Zinfandel is wine’s wild child, and Sonoma County’s wide diversity of hills and swales, of climate range, gives this swashbuckling variety the opportunity to show itself in all of its many guises. It does best on shallow, rocky, mountain top soils, where the variety’s tendency toward uneven ripening can be harnessed.
In Sonoma County you will see Zinfandel expressing its brash self most often in Sonoma Valley and Dry Creek Valley, but it’s there on Sonoma Mountain and the Russian River Valley, in Chalk Hill, along the ridges of Alexander Valley, on over the hill in Knights Valley as well. Zinfandel has been grown in California since the 1850s and was originally was from Croatia. Today in Sonoma County there are still vines that are over 100 years-old. For more information about Old Vine Zinfandel, view the May “Wine-Grape Chronicle" video on this website, or the Old Vine Zinfandel article.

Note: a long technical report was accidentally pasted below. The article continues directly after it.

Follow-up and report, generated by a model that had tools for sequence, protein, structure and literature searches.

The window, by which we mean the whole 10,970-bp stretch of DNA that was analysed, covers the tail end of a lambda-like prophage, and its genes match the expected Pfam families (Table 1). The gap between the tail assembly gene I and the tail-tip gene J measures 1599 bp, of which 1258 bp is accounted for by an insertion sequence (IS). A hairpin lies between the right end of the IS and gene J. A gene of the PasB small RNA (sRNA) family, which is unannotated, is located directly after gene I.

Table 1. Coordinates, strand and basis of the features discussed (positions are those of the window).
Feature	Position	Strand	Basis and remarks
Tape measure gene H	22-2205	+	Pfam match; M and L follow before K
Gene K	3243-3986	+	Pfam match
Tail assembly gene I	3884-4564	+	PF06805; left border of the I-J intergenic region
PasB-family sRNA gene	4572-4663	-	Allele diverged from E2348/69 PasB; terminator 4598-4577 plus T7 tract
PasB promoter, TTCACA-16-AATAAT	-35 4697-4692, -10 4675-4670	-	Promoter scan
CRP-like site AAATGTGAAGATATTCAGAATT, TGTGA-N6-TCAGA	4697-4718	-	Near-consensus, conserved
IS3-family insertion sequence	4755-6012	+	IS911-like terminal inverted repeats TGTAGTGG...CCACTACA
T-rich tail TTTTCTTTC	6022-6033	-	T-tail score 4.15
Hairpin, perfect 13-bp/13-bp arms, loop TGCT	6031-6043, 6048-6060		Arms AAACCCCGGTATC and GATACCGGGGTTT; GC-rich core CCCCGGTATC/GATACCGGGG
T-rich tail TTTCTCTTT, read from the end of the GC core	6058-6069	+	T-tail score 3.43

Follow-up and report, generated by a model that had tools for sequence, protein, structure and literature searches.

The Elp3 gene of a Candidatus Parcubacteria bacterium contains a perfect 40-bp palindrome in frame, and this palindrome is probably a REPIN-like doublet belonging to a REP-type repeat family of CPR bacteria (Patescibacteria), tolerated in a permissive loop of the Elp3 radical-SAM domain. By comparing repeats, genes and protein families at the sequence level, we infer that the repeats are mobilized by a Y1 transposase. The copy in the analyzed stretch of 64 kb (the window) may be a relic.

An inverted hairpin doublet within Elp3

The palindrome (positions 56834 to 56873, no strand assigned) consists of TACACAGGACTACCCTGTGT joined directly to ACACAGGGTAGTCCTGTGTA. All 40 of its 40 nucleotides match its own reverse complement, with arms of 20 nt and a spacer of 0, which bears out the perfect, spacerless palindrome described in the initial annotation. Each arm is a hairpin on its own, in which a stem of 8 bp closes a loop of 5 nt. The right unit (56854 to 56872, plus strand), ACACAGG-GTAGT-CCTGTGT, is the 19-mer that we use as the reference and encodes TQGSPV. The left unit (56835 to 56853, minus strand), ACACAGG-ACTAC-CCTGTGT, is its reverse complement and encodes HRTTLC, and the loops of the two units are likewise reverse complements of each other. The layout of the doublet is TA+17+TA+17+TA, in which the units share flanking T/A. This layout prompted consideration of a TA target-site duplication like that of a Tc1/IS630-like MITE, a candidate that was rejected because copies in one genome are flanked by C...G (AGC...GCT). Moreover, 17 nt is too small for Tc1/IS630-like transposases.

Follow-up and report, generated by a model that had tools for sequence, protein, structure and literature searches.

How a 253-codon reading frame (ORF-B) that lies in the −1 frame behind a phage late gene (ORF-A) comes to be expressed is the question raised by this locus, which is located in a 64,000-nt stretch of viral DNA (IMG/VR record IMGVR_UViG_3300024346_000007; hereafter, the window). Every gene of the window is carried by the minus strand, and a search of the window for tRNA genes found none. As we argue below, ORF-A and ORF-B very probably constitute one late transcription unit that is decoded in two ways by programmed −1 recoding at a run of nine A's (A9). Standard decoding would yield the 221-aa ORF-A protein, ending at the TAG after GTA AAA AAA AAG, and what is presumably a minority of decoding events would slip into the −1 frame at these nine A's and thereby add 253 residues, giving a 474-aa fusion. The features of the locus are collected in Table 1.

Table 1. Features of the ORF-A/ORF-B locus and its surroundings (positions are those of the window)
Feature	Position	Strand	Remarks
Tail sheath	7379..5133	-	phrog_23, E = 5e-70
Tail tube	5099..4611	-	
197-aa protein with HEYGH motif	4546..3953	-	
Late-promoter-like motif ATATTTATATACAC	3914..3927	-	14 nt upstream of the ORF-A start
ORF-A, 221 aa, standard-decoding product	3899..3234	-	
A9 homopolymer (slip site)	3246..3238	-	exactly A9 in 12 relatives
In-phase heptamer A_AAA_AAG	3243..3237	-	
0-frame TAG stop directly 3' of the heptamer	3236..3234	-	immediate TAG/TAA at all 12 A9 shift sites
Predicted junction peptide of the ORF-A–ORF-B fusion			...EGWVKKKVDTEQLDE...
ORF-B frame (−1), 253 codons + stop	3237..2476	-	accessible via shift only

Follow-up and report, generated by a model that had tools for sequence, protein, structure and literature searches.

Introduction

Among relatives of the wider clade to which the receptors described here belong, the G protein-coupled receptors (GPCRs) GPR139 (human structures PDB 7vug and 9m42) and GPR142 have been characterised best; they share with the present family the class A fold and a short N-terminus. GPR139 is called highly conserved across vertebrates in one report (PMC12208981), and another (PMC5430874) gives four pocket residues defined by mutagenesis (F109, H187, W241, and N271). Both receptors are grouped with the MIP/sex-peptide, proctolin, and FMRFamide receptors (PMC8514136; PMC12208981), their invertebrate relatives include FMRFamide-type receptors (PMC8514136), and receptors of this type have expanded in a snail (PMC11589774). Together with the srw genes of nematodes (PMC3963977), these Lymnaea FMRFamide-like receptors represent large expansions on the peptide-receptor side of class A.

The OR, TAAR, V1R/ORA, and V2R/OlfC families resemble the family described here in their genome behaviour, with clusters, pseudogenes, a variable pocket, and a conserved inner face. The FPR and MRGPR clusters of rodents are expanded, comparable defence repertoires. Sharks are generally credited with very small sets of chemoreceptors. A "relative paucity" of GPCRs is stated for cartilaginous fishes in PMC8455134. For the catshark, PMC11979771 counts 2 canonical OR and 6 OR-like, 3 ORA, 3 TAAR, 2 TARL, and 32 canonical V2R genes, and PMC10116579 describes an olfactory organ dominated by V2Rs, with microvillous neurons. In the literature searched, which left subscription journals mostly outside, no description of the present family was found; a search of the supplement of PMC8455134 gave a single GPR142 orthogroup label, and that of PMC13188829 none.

Some make the wine light and fruity, others go for Cabernet Sauvignon-like substance, and those of the sweet tooth cadre employ the grape for a Port-like dessert wine. Raspberry and blackberry fruit of berry patch freshness are often at the core of Sonoma County Zins, but you’ll also see these reds show Cabernet-like notes of black currant and cassis. Black pepper is a spicy quality that is almost a constant with the variety, even as it goes into the dessert wine category. Hillside fruit can show a tart, tangy blueberry character that is utterly charming.
Zinfandel’s array of stylistic expression makes it amenable to a vast range of foods, from burritos to steak, from burgers to the spiciest of sausages. Going on a picnic? Zin’s good to go. Putting out the good silver? Zinfandel can handle sophistication just fine. And when the cheese tray is ready, so is the Zinfandel. Sonoma County Zinfandel, that is.